Palace: Duterte’s policy allowed PH fishermen to return in WPS | Inquirer News
Close  

Palace: Duterte’s policy allowed PH fishermen to return in WPS

By: - Reporter / @KAguilarINQ
/ 03:09 PM May 13, 2021

MANILA, Philippines — If not for President Rodrigo Duterte’s policy on China, Malacañang said fishermen would still be unable to go to Scarborough Shoal in the West Philippine Sea.

ADVERTISEMENT

This was presidential spokesperson Harry Roque’s reaction to fisherman Carlo Montehermozo who expressed dismay that Duterte’s answer on how to help them fish peacefully in the West Philippine Sea in 2016 was only a “campaign joke.”

Montehermozo earlier said there are still Chinese vessels in the disputed waters who at times would shoo small fishing boats from the area.

FEATURED STORIES

“Carlo, unang una, ang tanong, nakakapaghanapbuhay ka ba ngayon? Hindi ba totoo na noong panahon ng administrasyong Aquino kung saan tayo po ay pala-away sa Tsina, e yun po yung panahon na hindi kayo nakapangingisda sa Boro (Scarborough Shoal)?” Roque said in an online briefing.

(Carlo, first of all, are you able to work now? Isn’t it true that it was under the Aquino administration, when we were quarrelsome with China, when you weren’t able to fish in Scarborough Shoal?)

“Wag po natin kakalimutan na kung hindi po nabago ang polisiya natin sa Tsina, hindi pa rin po kayo makakapangisda,” he added.

(Let us not forget that if the policy on China didn’t change, you still won’t be able to fish.)

It was during Aquino’s administration when the Philippines filed a case against China before the Permanent Court of Arbitration (PCA). The PCA’s decision rejecting China’s claim to almost the entire South China Sea was handed down in July 2016, at the beginning of Duterte’s term.

China has consistently refused to acknowledge the arbitral ruling.

RISKY Fishermen from Pangasinan and Zambales provinces have found alternative fishing grounds within provincial waters as a voyage to the Scarborough Shoal remains risky due to the presence of Chinese vessels

RISKY Fishermen from Pangasinan and Zambales provinces have found alternative fishing grounds within provincial waters as a voyage to the Scarborough Shoal remains risky due to the presence of Chinese vessels. —WILLIE LOMIBAO

Roque reiterated that Duterte’s election promise to ride a jet ski to the disputed waters and plant the Philippine flag there meant he will assert Philippine sovereignty.

ADVERTISEMENT

“Sa ngayon po, mukhang gumagana ang polisiya ng Presidente, isulong ang mga pwedeng isulong na bagay at ikaw po ngayon ay isa sa mga nagbebenepisyo— paghahanap-buhay muli sa Boro,” he said.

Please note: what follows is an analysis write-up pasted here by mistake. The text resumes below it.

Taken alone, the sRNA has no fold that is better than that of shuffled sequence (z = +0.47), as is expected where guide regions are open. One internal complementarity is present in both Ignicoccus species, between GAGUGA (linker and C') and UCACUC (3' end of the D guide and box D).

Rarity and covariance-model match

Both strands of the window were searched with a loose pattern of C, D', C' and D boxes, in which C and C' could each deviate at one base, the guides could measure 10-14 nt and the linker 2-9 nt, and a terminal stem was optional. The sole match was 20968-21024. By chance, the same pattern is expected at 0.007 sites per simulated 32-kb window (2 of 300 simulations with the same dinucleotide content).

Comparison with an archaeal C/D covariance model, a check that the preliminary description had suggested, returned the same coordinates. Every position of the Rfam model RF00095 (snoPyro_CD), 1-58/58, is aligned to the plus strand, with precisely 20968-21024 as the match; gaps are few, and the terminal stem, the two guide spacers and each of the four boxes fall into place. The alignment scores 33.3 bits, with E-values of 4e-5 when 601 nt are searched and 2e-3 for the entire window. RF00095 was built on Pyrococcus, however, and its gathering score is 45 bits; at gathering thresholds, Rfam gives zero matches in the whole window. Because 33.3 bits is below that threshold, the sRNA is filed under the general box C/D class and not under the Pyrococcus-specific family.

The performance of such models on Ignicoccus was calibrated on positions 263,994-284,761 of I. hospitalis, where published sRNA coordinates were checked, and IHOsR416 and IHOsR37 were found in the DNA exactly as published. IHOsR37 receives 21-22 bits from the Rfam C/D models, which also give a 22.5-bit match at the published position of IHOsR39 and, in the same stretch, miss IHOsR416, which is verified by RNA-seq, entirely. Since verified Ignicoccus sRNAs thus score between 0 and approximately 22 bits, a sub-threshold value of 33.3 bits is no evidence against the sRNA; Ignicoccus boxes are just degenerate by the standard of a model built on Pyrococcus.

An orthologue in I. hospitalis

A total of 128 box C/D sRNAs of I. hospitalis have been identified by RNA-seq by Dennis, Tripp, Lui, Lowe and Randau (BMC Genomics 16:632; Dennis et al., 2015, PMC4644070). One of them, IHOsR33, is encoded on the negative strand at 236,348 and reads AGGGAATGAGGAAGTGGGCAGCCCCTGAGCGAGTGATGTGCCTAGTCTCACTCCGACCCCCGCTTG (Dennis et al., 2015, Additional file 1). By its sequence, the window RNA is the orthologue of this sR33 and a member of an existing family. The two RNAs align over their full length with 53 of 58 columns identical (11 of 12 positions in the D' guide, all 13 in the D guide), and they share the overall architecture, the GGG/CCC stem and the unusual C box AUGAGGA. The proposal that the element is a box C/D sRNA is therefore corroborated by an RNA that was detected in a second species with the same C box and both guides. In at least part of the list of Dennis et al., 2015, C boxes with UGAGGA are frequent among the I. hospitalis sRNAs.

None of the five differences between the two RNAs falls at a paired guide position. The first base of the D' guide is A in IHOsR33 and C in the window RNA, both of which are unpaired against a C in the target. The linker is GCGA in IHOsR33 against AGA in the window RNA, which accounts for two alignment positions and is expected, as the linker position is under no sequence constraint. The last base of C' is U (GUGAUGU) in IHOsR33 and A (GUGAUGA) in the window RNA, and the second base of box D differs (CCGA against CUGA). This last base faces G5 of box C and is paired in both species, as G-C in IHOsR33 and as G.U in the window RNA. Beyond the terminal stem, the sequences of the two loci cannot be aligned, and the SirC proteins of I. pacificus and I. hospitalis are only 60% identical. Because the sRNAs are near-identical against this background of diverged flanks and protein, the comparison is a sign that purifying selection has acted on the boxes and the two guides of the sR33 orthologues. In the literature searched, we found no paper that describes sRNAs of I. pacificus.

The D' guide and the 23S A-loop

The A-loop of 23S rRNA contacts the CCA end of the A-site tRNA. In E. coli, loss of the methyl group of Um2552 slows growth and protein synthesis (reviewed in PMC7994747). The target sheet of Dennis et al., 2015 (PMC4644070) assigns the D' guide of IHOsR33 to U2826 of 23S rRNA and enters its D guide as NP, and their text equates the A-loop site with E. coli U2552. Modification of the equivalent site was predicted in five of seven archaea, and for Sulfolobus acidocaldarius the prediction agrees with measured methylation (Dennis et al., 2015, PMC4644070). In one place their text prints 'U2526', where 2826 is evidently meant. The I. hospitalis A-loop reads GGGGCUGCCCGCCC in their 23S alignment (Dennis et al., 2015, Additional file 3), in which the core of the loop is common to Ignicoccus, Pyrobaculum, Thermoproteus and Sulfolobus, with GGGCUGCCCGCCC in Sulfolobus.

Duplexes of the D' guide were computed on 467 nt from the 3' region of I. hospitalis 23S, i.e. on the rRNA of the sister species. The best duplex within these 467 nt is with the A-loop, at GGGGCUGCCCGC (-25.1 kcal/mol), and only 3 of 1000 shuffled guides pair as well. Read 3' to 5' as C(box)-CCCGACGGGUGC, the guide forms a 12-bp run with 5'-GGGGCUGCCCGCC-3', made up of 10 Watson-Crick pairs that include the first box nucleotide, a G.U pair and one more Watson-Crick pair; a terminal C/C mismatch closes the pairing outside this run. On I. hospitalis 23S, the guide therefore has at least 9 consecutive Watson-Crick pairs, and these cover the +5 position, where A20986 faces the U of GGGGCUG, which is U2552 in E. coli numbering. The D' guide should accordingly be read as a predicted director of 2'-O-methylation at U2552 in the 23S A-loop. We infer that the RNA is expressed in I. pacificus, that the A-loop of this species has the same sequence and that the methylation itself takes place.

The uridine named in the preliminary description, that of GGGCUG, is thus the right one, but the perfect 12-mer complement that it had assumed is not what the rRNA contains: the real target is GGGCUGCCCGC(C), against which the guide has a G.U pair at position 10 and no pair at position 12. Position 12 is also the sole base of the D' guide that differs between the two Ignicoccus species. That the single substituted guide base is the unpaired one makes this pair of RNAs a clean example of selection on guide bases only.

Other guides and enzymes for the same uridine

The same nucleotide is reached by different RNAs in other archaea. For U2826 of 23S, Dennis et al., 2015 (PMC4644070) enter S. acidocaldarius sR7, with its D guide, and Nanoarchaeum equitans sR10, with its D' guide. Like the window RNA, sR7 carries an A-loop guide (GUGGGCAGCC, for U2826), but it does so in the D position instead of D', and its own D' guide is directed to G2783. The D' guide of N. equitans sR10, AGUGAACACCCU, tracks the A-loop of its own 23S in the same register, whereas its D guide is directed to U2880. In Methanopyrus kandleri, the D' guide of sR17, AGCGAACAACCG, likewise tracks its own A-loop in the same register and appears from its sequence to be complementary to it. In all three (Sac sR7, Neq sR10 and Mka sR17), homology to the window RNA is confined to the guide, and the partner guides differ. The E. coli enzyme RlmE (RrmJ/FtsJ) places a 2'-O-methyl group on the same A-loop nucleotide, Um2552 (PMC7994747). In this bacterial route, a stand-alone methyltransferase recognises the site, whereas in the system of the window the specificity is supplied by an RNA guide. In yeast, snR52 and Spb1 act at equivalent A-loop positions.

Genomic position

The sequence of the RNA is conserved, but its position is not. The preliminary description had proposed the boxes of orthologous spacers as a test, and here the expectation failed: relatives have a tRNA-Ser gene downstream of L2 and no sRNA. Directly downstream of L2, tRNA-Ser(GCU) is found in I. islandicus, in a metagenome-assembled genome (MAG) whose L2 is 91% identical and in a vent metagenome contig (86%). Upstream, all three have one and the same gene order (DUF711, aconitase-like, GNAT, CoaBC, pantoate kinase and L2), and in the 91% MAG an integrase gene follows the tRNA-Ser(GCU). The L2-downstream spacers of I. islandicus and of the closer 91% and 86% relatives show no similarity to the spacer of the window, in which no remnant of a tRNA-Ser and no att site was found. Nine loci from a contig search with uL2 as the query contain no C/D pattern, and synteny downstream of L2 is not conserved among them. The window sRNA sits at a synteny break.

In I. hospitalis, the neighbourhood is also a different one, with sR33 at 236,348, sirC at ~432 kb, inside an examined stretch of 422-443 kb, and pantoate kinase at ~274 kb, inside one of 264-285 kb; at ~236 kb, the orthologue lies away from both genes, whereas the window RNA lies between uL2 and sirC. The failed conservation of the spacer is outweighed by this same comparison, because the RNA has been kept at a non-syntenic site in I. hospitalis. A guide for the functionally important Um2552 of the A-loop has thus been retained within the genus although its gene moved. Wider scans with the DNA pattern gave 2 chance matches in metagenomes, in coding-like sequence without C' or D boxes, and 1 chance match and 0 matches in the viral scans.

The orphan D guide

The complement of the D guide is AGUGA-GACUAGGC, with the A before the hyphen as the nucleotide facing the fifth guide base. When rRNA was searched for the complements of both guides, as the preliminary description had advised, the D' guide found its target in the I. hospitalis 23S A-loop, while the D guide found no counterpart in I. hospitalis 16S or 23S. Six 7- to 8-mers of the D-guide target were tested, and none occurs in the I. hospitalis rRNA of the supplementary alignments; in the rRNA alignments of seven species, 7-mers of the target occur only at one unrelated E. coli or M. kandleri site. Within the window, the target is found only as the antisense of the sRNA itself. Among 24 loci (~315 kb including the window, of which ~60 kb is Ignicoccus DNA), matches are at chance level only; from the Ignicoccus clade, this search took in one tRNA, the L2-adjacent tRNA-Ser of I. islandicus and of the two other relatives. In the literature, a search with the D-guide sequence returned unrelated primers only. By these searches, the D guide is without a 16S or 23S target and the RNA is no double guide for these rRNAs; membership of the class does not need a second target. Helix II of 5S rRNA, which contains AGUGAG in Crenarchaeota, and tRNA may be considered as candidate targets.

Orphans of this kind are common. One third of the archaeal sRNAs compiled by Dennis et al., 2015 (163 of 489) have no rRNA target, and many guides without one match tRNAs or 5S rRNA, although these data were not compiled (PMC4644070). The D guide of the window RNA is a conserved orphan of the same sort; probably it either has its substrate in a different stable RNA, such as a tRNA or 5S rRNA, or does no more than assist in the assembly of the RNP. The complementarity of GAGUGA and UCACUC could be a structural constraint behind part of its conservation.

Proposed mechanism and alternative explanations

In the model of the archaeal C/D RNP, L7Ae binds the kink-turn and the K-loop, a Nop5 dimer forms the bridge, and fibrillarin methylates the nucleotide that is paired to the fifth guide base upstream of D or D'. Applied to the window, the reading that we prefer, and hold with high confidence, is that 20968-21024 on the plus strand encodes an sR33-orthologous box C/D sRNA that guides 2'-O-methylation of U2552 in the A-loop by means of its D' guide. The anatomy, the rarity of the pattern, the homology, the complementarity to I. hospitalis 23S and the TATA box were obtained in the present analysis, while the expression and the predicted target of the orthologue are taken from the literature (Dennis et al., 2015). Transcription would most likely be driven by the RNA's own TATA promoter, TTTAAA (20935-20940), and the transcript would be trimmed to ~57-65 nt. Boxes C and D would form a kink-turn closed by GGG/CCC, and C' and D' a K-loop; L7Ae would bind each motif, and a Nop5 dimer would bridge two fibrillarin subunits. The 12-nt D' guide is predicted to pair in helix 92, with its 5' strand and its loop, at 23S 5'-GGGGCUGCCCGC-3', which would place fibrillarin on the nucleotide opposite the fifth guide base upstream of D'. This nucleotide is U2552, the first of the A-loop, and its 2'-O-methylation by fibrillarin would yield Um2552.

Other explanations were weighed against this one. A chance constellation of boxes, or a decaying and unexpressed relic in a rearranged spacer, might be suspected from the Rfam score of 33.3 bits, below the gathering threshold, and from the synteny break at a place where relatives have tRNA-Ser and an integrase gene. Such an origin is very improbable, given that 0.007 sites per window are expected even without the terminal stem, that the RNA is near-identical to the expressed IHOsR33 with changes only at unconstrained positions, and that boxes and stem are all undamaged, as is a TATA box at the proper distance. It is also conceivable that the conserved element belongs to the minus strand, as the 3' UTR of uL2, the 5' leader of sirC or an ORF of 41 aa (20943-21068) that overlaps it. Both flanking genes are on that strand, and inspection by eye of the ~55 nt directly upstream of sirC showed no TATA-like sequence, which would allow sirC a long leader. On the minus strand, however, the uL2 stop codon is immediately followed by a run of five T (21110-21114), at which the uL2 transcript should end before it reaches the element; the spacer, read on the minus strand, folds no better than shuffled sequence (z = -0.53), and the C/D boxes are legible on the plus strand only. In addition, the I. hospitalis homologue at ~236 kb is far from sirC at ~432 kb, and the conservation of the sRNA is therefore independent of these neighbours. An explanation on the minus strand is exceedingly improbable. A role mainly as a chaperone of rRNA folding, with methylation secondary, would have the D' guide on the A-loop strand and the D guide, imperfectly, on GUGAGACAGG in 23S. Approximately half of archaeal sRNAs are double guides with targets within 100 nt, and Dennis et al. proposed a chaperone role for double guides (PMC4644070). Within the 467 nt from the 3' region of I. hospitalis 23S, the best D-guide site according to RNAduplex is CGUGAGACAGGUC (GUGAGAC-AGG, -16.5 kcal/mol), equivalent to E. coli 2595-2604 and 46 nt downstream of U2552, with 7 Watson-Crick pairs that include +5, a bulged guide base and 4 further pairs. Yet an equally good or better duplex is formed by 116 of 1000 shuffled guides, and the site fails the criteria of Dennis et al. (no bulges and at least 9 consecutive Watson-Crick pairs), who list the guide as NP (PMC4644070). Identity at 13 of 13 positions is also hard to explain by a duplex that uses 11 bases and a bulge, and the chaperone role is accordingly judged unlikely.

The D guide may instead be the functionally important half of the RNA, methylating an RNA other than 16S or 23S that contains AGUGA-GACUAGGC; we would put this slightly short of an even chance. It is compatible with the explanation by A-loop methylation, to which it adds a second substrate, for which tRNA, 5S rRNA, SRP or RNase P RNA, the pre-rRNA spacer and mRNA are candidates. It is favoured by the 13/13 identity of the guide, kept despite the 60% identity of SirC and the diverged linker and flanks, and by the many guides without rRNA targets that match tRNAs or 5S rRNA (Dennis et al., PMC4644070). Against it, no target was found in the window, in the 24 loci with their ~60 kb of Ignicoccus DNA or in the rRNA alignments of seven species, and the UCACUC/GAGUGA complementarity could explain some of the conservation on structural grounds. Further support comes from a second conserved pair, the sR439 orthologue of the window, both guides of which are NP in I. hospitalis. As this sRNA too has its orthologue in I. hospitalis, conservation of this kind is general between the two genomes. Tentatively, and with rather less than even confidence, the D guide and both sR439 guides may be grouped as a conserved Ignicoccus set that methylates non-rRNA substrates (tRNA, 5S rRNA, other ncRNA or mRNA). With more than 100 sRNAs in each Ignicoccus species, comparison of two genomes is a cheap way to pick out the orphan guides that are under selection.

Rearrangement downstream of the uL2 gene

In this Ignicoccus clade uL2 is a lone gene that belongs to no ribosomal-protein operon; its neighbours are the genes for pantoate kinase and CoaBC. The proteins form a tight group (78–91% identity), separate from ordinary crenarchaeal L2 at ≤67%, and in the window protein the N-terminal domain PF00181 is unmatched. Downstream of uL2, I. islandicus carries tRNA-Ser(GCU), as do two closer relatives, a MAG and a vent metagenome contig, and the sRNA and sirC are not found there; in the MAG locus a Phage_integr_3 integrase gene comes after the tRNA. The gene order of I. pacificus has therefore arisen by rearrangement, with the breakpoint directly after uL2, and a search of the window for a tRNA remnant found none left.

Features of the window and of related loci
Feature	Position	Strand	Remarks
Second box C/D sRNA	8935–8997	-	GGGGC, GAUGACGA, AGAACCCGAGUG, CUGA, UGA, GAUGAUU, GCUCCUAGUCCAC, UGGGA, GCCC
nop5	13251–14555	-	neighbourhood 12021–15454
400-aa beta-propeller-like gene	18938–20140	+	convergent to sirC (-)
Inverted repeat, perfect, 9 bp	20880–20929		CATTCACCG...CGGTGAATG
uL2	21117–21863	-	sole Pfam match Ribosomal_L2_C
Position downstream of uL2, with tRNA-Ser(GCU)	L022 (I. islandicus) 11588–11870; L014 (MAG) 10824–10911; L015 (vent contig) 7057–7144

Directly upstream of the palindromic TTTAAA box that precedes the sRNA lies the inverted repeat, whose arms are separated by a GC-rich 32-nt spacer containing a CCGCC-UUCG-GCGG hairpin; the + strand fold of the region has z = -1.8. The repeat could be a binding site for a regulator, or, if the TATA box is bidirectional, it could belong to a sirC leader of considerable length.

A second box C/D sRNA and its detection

(Right now, it looks like the President’s policy is working, to pursue what we can pursue and you are one of the beneficiaries for being able to work in Scarborough Shoal.)

Roque further addressed Carlo, saying the difference now was the fishermen were able to fish in the contested area “as a matter of right” because of the ruling of The Hague, along with fishermen from other claimant states such as China and Vietnam.

“Sino po ngayon ang nagbigay ng pagkakataon sayo Carlo na magkaroon ng pagkain sa hapagkainan? Hindi ba po ang polisiya ng Presidente? At hindi ang polisiya na awayin ang Tsina?” he added. “Ang punto po, dati ni hindi sila makapunta ng Bajo de Masinloc (Scarborough Shoal). Malaking bagay po iyon. Wag po nating i-deny yan.”

(Who gave you the chance to have food on your table? Isn’t it the President’s policy? And not the policy to quarrel with China?… The point is, they couldn’t go to Bajo de Masinloc before. That’s a huge thing. Let us not deny that.)

EDV
Read Next
Don't miss out on the latest news and information.

Subscribe to INQUIRER PLUS to get access to The Philippine Daily Inquirer & other 70+ titles, share up to 5 gadgets, listen to the news, download as early as 4am & share articles on social media. Call 896 6000.

TAGS: Carlo Montehermozo, Malacañang, President Rodrigo Duterte, Scarborough shoal, West Philippine Sea
For feedback, complaints, or inquiries, contact us.


© Copyright 1997-2021 INQUIRER.net | All Rights Reserved

We use cookies to ensure you get the best experience on our website. By continuing, you are agreeing to our use of cookies. To find out more, please click this link.